Wednesday, June 23, 2010

Come Down, O Love Divine...

Augustine wrote:

Where your pleasure is, there is your treasure.
Where your treasure is, there is your heart.
Where your heart is, there is your happiness. 

It is not often that we think of them all today:  pleasure, treasure, heart, and happiness.  But they are all intertwined and connected.  That which is our pleasure is that which we value most of all.  That which we value most of all is what occupies our hearts.  That which fulfills the desire of our heart is what will bring us happiness.  Of course, Augustine was not thinking in terms of things or experiences but of God -- the God who alone could bring rest to his restless soul and heart. 

God has come to us through His Son to be our pleasure, that which we value most of all.  This is not because of God's jealousy but that we might through him find happiness, contentment and peace.  If God is the pleasure we seek, the treasure that occupies our hearts, then He will deliver to us the happiness and contentment we seek most of all.  This is not some romantic description of things but how we were designed and how we find again our peace and our place.

It saddens me that even Christians tend to see God as a means to an end rather than the end itself.  We tend to view our relationship with God as a means to obtain what we want in the hopes that possessing what we want will bring us happiness and a contented heart.  What we so easily forget is that God is the end we were created for.  Though sin has kept us from knowing the fulfillment of who we are and thus obtaining that pleasure and contentment we seek, the longing remains in us unfulfilled until it is fulfilled in Christ. 

We will build idols and create gods to fill the emptiness within.  We will increasingly pursue a pleasure which is more and more riskier in the hope that it will return to us the peace and contentment we seek.  We will turn every gift and every activity into an unrelenting goal in the desire to fill what is missing within us.  And all of this we have done and continue to do.  Consider how we like to scare ourselves with movies, books, and experiences that take us to the edge.  Consider how we worship our work and work at our leisure until we lie exhausted but unsatisfied in our beds, restless in our sleep as well as our daylight hours.  Consider how use drugs and alcohol and sex as a way of running away from our lives and running toward the elusive dream of pleasure.

Augustine's own life is the story of such a restless pursuit of things and experiences that would fill his emptiness.  It is not a symptom of our own time but a chronic need expressed in every age and people that we want what is not good for us and we desire what cannot satisfy us.  And so we come to God, often at the end of a life wasted in the vanity of our endless desire and in the pursuit of a goal these means cannot provide.  It seems like a dramatic moment, a conversion experience both sudden and powerful.  What we miss is that God is wooing and coaxing us all the time.  His Word and His people, His grace and His mercy, His Spirit and His power are at work all around us and if it would seem sudden to us it is not because God only then noticed us and had compassion upon our plight.  We are the ones who wake up to His call as if His voice had never spoken before and who think that Christ is new and the Gospel a novelty of this moment.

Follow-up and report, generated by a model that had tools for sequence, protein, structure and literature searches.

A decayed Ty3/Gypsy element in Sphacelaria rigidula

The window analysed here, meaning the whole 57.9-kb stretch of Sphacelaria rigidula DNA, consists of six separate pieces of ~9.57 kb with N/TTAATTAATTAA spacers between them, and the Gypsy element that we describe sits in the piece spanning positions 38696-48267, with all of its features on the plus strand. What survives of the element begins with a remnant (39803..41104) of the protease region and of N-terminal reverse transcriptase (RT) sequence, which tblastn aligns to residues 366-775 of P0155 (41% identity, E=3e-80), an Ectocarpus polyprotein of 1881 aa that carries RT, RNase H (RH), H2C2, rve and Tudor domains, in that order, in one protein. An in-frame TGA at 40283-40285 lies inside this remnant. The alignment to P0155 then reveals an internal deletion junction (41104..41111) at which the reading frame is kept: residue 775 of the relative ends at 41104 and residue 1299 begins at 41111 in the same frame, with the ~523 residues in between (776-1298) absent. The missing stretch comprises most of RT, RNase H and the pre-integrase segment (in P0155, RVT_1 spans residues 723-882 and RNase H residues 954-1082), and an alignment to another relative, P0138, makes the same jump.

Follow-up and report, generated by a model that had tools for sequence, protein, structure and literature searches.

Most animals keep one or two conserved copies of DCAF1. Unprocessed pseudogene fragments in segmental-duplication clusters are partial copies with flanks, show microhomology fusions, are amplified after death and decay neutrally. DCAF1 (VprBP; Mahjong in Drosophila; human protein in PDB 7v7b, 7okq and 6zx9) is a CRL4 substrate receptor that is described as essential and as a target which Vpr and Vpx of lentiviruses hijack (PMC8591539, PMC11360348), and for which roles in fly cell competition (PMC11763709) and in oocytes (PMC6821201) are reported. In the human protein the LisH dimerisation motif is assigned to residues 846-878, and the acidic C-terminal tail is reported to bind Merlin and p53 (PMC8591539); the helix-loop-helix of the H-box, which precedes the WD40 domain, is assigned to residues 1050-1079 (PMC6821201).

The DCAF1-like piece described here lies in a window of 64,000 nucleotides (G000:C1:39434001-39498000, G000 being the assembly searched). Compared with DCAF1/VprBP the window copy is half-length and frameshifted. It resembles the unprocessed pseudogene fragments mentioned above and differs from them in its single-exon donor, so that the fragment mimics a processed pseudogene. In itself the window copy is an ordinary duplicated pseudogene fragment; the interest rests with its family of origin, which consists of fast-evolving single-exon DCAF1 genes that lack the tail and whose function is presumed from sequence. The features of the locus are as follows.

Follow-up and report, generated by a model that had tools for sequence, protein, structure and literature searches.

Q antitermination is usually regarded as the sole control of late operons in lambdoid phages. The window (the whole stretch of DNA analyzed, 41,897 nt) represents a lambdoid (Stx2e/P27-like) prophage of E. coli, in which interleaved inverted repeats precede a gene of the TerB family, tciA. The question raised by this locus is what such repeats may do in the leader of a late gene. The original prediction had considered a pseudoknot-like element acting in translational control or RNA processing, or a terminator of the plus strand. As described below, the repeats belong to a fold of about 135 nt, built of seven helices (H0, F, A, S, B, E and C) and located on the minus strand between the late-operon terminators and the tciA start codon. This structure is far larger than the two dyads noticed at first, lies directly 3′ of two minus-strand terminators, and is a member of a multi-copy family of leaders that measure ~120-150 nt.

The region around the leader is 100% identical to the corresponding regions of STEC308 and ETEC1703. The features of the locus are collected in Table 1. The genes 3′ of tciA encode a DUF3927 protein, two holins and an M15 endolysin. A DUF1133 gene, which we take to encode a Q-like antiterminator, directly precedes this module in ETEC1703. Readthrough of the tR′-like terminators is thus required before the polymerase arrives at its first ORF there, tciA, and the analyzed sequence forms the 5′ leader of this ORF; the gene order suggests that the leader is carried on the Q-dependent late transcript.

So we would be mistaken in our presumption but it is a common mistake.  And a mistake easily forgiven.  But the main thing is that we learn what only Christ can teach.  The pleasure we would seek is His good pleasure, the treasure we would possess is the treasure of His grace, the desire of our heart is what is transformed by the triumph of His grace, and the happiness we have longed for so very long is the happiness that delights in Him.  Truly the restless Augustine had it right -- there is no rest for the pursuit of pleasure, for the desire for treasure, for the emptiness of our hearts to be filled and for the happiness that brings contentment.... no rest until it rests in Thee.

1     Come down, O Love divine;
    Seek Thou this soul of mine,
And visit it with Thine own ardor glowing;
    O Comforter, draw near;
    Within my heart appear,
And kindle it, Thy holy flame bestowing.

2     O let it freely burn,
    Till worldly passions turn
To dust and ashes in its heat consuming;
    And let Thy glorious light
    Shine ever on my sight,
And clothe me round, the while my path illuming.

3     Let holy charity
    Mine outward vesture be
And lowliness become mine inner clothing—
    True lowliness of heart,
    Which takes the humbler part,
And o’er its own shortcomings weeps with loathing.

4     And so the yearning strong,
    With which the soul will long,
Shall far outpass the pow’r of human telling;
    No soul can guess His grace
    Till it become the place
Wherein the Holy Spirit makes His dwelling.

1 comment:

ErnestO said...

The overall message of the Bible teaches us that the God who does not need anything nevertheless desires the adoration and worship of His created children.